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Freshfields Risk & Compliance

| 3 minutes read

China’s Anti-Monopoly Law 2.0: expect uptick in enforcement and higher fines

China’s National People’s Congress (the country's legislature) recently published a second round of amendments to the country’s Anti-Monopoly Law (‘AML’). The latest proposals follow a public consultation, which began in 2020, and a wave of investigations culminating in steep fines in some cases. Highlights include harsher penalties for infringing the law; a focus on tech, media, the Internet economy and killer acquisitions; modernising merger review procedures to address timing of reviews; and expanding forms of conduct covered by the law. Our client briefing on the first set of proposals can be found here. This blogpost takes a look at the recent proposals.

1. Harsher penalties for infringements of the law

The latest amendments seek to bolster the deterrent effect of the law by increasing the penalties for breaches including:

  • Increasing fine maximums for various infringements (the full details are set out in our client briefing here). Most striking includes increasing the fine for failure to notify a reportable transaction to RMB5m (approx. US$783,000) if the transaction has no impact on competition and up to 10% of a company’s (potentially global) turnover if it does. The proposals also entrust SAMR and its local branches with power to multiply fines by up to 50% of a company’s (potentially global) turnover in case of egregious AML breaches.
  • The proposals provide for individual liability for legal representatives, managers or other senior employees if they play a key role in infringement. Individuals could be fined up to RMB 1m (approx. US$157,000).
  • The proposals introduce fines for organising or providing substantial assistance to others who infringe the law. Fines for ‘accessories’ would be the same as for the principal infringer(s) of the law.
  • Finally, in a sign that AML infringements are regarded as serious, the proposals add that anticompetitive conduct amounting to a crime should be handled under criminal law. This suggests that the government is contemplating introducing criminal sanctions for antitrust violations.

2. Reforms to the merger control regime

  • The proposals introduce a 'stop-the-clock' mechanism, when: (i) SAMR awaits a response to an information request; (ii) SAMR and notifying parties engage in remedy negotiations; or (iii) a notifying party so requests. This could make the handling of complex cases more efficient and avoid notifications being withdrawn/refiled several times (eg in cases where remedy negotiations cannot be settled within the statutory deadline). However, there is a risk of undermining the benefits of the mechanism if, for example, multiple information requests are issued simply to secure extra time to complete a merger review.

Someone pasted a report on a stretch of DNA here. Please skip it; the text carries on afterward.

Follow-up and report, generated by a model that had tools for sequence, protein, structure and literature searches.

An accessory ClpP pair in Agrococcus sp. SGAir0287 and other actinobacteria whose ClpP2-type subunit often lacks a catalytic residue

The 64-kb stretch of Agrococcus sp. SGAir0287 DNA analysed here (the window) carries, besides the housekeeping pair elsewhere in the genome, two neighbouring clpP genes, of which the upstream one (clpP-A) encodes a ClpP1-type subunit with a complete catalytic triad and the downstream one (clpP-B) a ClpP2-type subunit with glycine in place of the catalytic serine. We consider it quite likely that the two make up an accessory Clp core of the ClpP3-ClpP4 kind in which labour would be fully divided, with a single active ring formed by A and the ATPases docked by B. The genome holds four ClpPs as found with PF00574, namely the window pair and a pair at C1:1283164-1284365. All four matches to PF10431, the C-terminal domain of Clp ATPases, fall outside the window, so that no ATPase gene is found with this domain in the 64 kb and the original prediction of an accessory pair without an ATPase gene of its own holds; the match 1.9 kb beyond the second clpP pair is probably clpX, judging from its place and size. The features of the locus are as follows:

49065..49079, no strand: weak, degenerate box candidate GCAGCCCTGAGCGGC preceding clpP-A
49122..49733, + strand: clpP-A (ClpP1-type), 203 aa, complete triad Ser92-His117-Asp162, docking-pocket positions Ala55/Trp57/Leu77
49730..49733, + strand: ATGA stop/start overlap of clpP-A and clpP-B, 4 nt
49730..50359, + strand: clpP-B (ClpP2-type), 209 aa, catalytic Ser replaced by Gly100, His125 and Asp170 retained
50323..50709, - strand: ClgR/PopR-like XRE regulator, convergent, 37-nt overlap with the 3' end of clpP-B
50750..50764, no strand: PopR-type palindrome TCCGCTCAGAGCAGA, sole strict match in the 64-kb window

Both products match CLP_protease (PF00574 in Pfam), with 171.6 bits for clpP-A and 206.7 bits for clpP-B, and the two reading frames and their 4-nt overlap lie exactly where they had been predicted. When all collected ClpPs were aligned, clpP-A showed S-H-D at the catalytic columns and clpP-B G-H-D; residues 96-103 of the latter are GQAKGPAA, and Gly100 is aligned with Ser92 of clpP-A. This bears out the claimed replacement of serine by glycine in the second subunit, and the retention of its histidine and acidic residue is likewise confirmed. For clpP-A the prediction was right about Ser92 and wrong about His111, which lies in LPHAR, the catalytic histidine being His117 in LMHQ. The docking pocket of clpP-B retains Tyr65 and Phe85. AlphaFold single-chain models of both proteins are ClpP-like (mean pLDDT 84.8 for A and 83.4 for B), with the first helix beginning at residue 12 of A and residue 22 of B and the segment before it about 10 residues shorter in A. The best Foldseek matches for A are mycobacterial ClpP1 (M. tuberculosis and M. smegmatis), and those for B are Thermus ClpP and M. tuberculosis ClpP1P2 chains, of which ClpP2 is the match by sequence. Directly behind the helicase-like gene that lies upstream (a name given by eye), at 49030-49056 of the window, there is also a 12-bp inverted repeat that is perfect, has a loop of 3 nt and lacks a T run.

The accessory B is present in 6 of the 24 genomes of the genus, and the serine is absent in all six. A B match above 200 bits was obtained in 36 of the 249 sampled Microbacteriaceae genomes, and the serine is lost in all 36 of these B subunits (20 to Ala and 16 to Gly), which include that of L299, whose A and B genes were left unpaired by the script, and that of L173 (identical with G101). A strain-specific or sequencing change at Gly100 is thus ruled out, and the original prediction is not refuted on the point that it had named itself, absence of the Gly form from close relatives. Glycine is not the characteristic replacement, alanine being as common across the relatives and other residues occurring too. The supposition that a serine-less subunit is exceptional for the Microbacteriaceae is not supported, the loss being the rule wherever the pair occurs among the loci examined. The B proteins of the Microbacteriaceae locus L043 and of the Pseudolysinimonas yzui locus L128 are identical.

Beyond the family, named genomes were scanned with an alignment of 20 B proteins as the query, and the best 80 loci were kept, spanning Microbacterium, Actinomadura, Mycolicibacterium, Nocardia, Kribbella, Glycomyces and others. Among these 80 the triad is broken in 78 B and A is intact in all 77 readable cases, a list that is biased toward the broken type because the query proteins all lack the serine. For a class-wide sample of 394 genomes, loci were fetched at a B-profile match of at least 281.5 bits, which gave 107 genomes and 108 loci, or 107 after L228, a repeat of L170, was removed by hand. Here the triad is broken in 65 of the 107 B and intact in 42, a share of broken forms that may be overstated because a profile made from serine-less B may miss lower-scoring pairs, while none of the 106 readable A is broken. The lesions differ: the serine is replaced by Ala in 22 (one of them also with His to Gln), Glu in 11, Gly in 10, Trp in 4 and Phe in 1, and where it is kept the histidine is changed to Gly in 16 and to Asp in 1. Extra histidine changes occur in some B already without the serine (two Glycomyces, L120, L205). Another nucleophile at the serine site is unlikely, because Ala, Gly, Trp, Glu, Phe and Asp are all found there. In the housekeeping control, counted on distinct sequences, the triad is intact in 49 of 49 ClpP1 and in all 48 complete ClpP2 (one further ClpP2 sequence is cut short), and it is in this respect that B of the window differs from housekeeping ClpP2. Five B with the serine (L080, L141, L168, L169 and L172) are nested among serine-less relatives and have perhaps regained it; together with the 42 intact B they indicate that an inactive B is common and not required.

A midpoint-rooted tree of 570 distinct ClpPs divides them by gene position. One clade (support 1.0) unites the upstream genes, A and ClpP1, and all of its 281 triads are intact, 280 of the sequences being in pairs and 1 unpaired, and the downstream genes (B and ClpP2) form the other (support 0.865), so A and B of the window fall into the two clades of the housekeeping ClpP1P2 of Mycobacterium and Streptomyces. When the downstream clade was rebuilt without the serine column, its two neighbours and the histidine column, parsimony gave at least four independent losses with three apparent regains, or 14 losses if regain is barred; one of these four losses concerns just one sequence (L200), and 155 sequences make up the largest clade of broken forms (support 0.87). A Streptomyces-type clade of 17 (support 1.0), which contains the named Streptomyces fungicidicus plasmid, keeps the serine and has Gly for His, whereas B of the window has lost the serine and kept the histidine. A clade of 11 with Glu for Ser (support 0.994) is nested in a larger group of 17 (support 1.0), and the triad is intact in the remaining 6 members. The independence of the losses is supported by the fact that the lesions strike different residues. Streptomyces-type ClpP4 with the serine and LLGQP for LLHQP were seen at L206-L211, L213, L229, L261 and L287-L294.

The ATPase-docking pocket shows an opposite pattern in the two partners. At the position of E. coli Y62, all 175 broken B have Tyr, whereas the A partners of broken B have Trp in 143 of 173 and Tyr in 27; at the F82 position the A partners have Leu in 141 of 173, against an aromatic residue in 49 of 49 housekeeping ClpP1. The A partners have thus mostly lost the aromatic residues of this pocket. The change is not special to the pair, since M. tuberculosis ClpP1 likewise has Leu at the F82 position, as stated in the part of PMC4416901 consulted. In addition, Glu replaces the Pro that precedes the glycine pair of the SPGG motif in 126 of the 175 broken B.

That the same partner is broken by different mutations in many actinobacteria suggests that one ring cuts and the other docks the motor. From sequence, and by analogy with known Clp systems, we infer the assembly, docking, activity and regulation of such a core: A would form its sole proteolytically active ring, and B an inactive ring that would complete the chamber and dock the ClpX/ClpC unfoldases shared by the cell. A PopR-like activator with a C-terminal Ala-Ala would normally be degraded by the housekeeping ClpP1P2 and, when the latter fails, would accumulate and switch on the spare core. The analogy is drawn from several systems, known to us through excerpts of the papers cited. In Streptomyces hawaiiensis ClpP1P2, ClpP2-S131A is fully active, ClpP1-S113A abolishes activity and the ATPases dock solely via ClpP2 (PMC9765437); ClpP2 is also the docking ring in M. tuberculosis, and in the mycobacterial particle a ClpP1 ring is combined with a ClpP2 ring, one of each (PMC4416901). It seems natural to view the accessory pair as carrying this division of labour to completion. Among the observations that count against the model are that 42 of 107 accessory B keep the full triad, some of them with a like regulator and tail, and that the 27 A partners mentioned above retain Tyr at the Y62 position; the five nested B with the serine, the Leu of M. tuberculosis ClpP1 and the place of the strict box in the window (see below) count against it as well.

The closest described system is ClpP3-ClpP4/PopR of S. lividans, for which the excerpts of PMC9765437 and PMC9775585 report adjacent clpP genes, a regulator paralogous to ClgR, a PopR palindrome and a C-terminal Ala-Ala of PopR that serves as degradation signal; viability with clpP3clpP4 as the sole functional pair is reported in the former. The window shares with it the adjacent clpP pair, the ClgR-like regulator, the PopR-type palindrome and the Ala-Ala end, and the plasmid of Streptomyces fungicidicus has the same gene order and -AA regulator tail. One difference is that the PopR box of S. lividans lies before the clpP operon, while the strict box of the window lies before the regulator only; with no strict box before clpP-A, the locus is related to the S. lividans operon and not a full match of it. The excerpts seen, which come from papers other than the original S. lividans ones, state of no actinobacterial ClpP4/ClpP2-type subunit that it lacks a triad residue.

• Another proposal codifies SAMR’s ability to scrutinise transactions that do not meet the filing thresholds if the transaction raises competition issues. This is in line with antitrust authorities in other jurisdictions that are seeking to address so-called ’killer’ acquisitions involving a target with significant market potential that generates no or insufficient turnover to trip applicable filing thresholds.
  • The proposals identify industries relating to people’s wellbeing, finance, technology and media as priority sectors for merger review. This heightened regulatory scrutiny seems to target mainly large domestic companies, but could conceivably impact foreign companies in the future.

3. Further guidance on anticompetitive conduct

  • The proposals enable SAMR to establish ‘safe harbour’ rules to exempt certain restrictive agreements between companies with low market share. The proposals do not provide market share thresholds or specific exemptions. However, other guidance from SAMR suggests that the exemptions are unlikely to cover hardcore infringements (such as cartels and resale price maintenance (‘RPM’)).
  • The proposals seek to settle the debate on whether RPM should be subject to effects-based analysis and who should bear the burden of proof. The proposals clarify that SAMR may presume anticompetitive effects (consistent with its current practice) and companies engaging in RPM should bear the burden of rebutting that presumption.
  • The proposals highlight the role of data and platforms in line with the increased regulatory scrutiny of internet companies generally. Expect this sector to remain an enforcement priority in the near term.
  • The proposals introduce a mechanism for the People’s Procuratorates to bring public interest-based litigation – a move we expect may spur the growth of antitrust litigation in China.

The public consultation on the proposals runs until 21 November 2021. There is no concrete timetable for the adoption of the new law, but we anticipate that this is likely to happen soon. For companies doing business in China, continued compliance with the AML will assume even greater importance, as the proposed amendments raise the stakes and come against a backdrop of increased enforcement.

Continued compliance with the AML will assume even greater importance, as the proposed amendments raise the stakes and come against a backdrop of increased enforcement.


antitrust and competition, regulatory